Tawn touched the lives of everyone she met, as her sister Cara shared this one particular story with me: “Tawn's spirit is alive; she communicates with me everyday in some way or another. Today, I went to my chiropractor for an adjustment, whom I've been seeing for almost a year. He asked if I was related to Tawn and I said yes. He proceeded  to tell me how she changed his life. He was a huge fan of Tawn's, a metal fan and would visit her while she was at her gig promoting the station. Tawn would encourage the game contestants to [do] crazy things to win prizes. My chiropractor said he pulled up his shirt and she rewarded him with a back massage at the bar. He said she inspired him to become a chiropractor by her touch and here he is working on me! Tawn brought people together and still does. It felt as thought Tawn herself was working on my back through his touch. This is one of a zillion stories I experience where Tawn acted as an angel by changing their lives for the better.”

 Ad for KNAC and Tawn Mastrey
(Photo courtesy of Cara Mastrey)

That symbiotic relationship between KNAC and their audience was genuine, and many of the listeners were inspired to take part in the Pure Rock experience by doing more than just listening to the station or going to the events. Some of them, seeing and hearing the sincere love and respect that fans and staff had for each other, wanted to do their part and start working for the station, even if it was nothing more than answering phones or driving the KNAC van around to events.

My friend and fellow Pure Rocker Scott Whitaker was one of those KNAC “phone foxes”, and shared his memories of his time working at the station with me: “I was young and fresh off the farm in the big city...I was a phone fox for a couple of years; I answered phones for Long Paul, Remy, and Lori Free. My phone fox name was Psychotic Scott! I got some strange calls: sometimes people just wanted to talk; shoot the shit, talk about bands. Good stuff. KNAC was special; just great people...the staff, the guests—[like] Slash, Metallica—going out in the van to the Long Beach Grand Prix and such. Good times. It was fun while it lasted. Shortly after I left the station, they shut down for good. Sad day.”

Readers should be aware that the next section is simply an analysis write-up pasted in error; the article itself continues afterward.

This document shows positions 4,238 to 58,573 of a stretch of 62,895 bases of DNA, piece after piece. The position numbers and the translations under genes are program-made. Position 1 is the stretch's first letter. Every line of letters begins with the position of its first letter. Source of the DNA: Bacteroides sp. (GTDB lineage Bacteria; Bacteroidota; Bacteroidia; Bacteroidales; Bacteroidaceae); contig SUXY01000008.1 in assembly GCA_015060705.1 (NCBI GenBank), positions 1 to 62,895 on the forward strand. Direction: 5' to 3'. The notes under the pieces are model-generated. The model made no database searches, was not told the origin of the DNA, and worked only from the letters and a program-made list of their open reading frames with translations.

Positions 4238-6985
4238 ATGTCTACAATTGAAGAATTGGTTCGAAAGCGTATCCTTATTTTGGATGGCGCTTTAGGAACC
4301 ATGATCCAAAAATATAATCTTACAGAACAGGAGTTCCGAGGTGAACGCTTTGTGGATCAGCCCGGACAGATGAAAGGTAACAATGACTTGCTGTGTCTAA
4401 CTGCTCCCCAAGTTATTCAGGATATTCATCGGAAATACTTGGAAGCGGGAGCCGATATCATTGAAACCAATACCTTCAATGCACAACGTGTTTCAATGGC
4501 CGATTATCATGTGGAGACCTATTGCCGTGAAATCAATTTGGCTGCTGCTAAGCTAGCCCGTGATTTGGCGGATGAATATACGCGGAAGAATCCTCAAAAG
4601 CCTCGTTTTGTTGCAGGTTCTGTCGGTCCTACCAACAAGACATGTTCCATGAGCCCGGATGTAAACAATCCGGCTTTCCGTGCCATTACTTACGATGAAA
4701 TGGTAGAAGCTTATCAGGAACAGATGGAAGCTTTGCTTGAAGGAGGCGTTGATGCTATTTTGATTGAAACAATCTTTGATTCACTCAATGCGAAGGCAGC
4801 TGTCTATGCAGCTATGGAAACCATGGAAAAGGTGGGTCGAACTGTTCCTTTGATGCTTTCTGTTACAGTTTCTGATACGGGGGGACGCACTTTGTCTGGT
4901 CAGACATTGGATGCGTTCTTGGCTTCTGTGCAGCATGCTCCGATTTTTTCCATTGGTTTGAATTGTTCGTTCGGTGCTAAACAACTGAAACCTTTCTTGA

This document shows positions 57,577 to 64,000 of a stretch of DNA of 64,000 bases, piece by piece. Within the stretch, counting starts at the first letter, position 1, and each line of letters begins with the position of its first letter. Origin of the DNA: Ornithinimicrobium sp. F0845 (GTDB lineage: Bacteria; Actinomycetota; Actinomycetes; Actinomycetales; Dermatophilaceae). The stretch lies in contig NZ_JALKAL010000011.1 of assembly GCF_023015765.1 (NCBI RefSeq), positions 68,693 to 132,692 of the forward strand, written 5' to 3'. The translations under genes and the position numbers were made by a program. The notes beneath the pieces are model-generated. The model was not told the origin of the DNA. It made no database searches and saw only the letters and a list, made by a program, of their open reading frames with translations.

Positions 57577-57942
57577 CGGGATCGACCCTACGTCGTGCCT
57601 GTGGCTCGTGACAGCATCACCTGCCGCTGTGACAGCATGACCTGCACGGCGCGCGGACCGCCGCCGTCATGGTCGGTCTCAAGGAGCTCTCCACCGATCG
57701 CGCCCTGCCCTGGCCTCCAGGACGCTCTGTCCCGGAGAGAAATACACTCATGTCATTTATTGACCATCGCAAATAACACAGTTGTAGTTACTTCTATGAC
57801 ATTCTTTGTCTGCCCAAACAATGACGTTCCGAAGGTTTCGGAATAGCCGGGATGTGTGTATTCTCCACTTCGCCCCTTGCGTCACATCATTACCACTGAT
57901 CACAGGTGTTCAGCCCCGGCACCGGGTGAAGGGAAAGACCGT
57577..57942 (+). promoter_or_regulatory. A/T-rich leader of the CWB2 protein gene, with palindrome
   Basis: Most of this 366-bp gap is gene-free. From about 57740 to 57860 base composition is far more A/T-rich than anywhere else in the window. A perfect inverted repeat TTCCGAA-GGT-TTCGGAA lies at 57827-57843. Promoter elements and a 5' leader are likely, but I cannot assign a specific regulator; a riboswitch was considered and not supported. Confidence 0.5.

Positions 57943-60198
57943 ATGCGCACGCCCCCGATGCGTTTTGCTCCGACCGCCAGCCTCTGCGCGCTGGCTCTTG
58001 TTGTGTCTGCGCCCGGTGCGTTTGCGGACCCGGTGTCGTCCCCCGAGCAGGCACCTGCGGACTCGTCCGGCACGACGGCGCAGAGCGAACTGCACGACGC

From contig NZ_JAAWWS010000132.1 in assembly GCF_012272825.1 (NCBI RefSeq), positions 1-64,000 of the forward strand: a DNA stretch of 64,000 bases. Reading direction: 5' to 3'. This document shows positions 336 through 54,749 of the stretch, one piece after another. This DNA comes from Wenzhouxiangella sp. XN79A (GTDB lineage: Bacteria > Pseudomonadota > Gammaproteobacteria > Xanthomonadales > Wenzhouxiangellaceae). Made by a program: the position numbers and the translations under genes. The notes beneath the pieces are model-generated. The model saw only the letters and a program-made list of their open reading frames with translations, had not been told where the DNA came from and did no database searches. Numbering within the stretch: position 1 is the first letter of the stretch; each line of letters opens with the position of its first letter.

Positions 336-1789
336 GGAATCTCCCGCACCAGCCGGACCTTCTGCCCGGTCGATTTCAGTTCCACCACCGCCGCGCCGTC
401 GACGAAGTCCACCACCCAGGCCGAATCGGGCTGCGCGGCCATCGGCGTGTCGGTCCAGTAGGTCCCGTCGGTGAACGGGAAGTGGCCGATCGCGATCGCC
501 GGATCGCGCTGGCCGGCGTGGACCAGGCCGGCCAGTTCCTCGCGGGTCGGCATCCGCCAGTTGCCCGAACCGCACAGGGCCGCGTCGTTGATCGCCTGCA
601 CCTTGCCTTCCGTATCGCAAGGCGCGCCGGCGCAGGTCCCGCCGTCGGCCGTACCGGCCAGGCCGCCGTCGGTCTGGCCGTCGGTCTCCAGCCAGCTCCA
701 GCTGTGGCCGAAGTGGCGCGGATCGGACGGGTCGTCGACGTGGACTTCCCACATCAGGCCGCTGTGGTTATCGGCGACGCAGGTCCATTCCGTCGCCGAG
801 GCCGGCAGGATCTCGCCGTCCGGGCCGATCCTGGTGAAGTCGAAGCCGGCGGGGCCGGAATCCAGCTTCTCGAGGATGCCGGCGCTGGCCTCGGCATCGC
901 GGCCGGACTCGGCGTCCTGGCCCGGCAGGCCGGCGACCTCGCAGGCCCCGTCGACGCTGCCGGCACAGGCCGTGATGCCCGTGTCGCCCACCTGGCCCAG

KNAC pays it forward
(Photo credit: Los Angeles Times; shared by Lucas Riot)

KNAC reached out to their audience with more than just the music: whether it was keeping listeners informed during the 1994 Northridge quake, or holding charity events to raise money for youth shelters, KNAC was giving back to the local community. People who didn't even listen to heavy metal benefitted from KNAC's contributions. For all our tough exterior, we metalheads have a soft spot, and many of us truly care for causes; going out of our way to help those less fortunate. KNAC exemplified this collective sentiment by continuously giving back to people in need all across the Southland.

However, in typical KNAC fashion, they turned charity events into an opportunity to further interact with the listener base and to give fans more memories to cherish. Randy Jones describes one of them: “[The] canned food drives KNAC had weren't about the free tix to shows; it was about standing in line all night, waiting for staff to come out for a live feed and having a fuckin' blast bullshitting with other metalheads!”